(AP) It's way too long and massively convoluted and ultimately just plain silly. But still, "Pirates of the Caribbean: At World's End" is a lot of fun a lot of the time.
The third movie in the freakishly successful "Pirates" franchise feels substantial and looks impressive and fulfills the hype surrounding it in a way the other thirds Spidey and Shrek haven't so far.
Having said that, it is, of course, a giant meandering mess that leaves you feeling as if you've been tossed about on the high seas for three hours, but theoretically that's also part of the allure of these movies. Director Gore Verbinski and writers Ted Elliott and Terry Rossio return with even bigger helpings of special effects, including an interminable climax in which the Black Pearl and the Flying Dutchman battle each other in the driving rain while circling along the edge of a swirling, sucking maelstrom.
And yet, within such sequences, there are enough individual "wow" moments that make you appreciate just how inventive and complicated an achievement this was. Stuff gets blown up (this is a Jerry Bruckheimer production, after all) and it looks like real stuff really getting blown up, not just digital blips that have been manipulated by hundreds of people sitting in the dark in front of computer screens. Though CGI technology clearly was used often, "At World's End" never appears fakey-cartoony, like so many of these epics often do.
For better and for worse, the latest "Pirates of the Caribbean" actually resembles the Disney amusement park ride that inspired the series more than its predecessors (with traces of the "It's a Small World" ride thrown in for good measure), especially when characters are cruising through some waterway, singing some rousing yo-ho song. You're constantly aware that what you're watching is a manufactured vision of what heroes and ruffians are supposed to do and say, and yet the kid in you wants to give in, then go for a $5 cotton candy afterward.
As for the plot not that it ever matters this one's more confusing than ever. Will Turner (Orlando Bloom), Elizabeth Swann (Keira Knightley) and Captain Barbossa (Geoffrey Rush) must rescue Jack Sparrow (Johnny Depp) from the purgatory of Davy Jones' Locker, where he wound up last year at the end of "Dead Man's Chest." They also must round up the Nine Lords of the Brethren Court, sort of a U.N. of unsavory behavior, in the hopes that their combined power can stop the Machiavellian Lord Cutler Beckett (Tom Hollander), head of the East India Co., from ridding the world of pirates.
All of these people end up double-crossing one another at some point switching alliances and screwing each other over in ways that make "Survivor" look subtle and if you stopped to think about whether it all makes sense, it would make your head spin.
And, there's more!
Will also wants to free his father, Bootstrap Bill (Stellan Skarsgard, still covered in barnacles), from the ghost ship the Flying Dutchman, which Beckett controls. At the same time, Davy Jones (Bill Nighy, still covered in tentacles) wants to get his heart back, which is trapped inside a chest, which Beckett's goons control. And Will and Elizabeth must win each other's hearts back after various romantic stops and starts.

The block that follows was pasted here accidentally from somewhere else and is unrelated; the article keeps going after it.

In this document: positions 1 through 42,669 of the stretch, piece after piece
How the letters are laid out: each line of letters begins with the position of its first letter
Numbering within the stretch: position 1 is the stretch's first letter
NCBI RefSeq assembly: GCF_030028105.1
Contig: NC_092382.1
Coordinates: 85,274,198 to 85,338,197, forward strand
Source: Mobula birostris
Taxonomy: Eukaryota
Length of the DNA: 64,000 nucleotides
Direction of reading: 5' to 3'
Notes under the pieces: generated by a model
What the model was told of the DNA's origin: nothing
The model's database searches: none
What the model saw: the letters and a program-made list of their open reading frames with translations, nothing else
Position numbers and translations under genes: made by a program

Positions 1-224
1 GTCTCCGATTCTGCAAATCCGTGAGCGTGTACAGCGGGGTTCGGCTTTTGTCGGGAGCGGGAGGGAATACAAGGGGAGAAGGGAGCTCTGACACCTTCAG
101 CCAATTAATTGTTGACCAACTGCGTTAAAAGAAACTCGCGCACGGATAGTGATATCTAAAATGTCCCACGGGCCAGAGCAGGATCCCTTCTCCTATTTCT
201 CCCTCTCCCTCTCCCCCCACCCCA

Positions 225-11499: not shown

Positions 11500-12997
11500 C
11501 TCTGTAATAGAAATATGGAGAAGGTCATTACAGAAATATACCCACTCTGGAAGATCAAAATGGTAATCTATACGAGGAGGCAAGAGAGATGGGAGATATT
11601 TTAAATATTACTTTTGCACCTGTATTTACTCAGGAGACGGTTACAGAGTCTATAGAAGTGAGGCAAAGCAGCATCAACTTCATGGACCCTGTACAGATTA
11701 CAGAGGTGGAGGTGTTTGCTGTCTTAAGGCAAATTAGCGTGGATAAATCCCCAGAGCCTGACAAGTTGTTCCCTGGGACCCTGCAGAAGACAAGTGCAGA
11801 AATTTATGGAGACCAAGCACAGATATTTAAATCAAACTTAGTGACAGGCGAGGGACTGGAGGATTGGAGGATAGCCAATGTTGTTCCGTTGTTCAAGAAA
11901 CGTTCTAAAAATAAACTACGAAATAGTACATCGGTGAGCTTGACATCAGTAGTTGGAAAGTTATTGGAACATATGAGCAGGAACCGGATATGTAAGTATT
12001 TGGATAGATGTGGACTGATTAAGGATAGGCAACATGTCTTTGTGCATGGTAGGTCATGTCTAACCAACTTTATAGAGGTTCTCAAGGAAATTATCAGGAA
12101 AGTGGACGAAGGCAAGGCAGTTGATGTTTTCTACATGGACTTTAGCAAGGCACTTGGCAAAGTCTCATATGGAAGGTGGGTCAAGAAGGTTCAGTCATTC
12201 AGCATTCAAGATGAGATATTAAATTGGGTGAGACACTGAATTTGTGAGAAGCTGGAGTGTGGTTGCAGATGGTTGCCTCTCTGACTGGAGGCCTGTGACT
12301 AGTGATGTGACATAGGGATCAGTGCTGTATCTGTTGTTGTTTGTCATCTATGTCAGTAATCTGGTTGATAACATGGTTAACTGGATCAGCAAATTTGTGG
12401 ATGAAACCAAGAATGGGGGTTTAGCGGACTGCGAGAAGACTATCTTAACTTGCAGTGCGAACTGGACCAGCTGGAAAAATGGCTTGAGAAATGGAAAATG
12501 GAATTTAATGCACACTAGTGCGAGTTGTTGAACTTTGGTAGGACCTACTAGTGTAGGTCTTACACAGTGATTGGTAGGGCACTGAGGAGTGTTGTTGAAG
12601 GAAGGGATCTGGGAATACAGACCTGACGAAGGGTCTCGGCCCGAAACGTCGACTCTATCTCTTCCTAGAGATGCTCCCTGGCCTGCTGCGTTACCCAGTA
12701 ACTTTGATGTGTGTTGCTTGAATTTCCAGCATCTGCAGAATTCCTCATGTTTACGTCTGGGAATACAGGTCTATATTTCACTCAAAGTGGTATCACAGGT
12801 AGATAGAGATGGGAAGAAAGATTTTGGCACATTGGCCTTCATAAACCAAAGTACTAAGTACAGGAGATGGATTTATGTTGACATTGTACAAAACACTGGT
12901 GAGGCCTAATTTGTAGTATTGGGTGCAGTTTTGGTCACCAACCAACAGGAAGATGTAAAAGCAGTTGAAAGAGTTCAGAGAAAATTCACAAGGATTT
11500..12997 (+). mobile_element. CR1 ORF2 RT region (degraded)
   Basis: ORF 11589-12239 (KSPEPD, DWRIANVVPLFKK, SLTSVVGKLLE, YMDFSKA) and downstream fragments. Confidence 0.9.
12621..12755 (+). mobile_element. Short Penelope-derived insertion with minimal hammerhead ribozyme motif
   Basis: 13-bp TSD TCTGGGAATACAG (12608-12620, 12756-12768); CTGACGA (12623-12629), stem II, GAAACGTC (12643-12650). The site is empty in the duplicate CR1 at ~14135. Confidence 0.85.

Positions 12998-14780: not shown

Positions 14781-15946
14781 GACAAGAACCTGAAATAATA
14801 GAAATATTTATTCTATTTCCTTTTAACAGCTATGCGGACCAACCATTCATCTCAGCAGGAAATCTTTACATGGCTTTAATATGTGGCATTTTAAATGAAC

Along for the ride once again are the sorceress Tia Dalma (Naomie Harris); wacky, bickering sidekicks Pintel (Lee Arenberg) and Raghetti (Mackenzie Crook); and a new partner, Chinese pirate Captain Sao Feng (Chow Yun-Fat), who reluctantly provides the charts, ship and crew that will help the good guys find Jack.
And it is good to see Jack again. Depp's wildly unpredictable, effete shtick made part one, 2003's "The Curse of the Black Pearl," a thrill to watch. By the time part two came around, it had gotten old; he'd earned an Oscar nomination for doing it, we knew it was coming. Here, though, Depp gets to bring some nuance to the character, something you don't ordinarily expect from a big, summer popcorn movie.
The first time he appears, in a wonderfully surreal, strikingly sparse scene in which he's stuck in the desert with his ship, he's hallucinating dozens of versions of himself, like a moment out of "Being John Malkovich." All of Depp's range is right there on display: He's goofy, proud, brazen, sometimes fearful, but always riveting.
Later, tiny versions of Jack stand on his shoulders, whispering in his ears and goading him into action. It's straight out of the Bugs Bunny cartoons, one of the longtime inspirations behind the physical comedy in the series. But then again, there are also references to Shakespeare and spaghetti Westerns, just to show you how all-over-the-place "At World's End" can be.
Knightley also gets to come into her own not that Elizabeth was ever a traditional damsel in distress but here she evolves from feisty fighter to a woman of real confidence and power. The "Pirates" movies may seem like a man's world by definition, but this time there's a strong message for girls and young women, as well.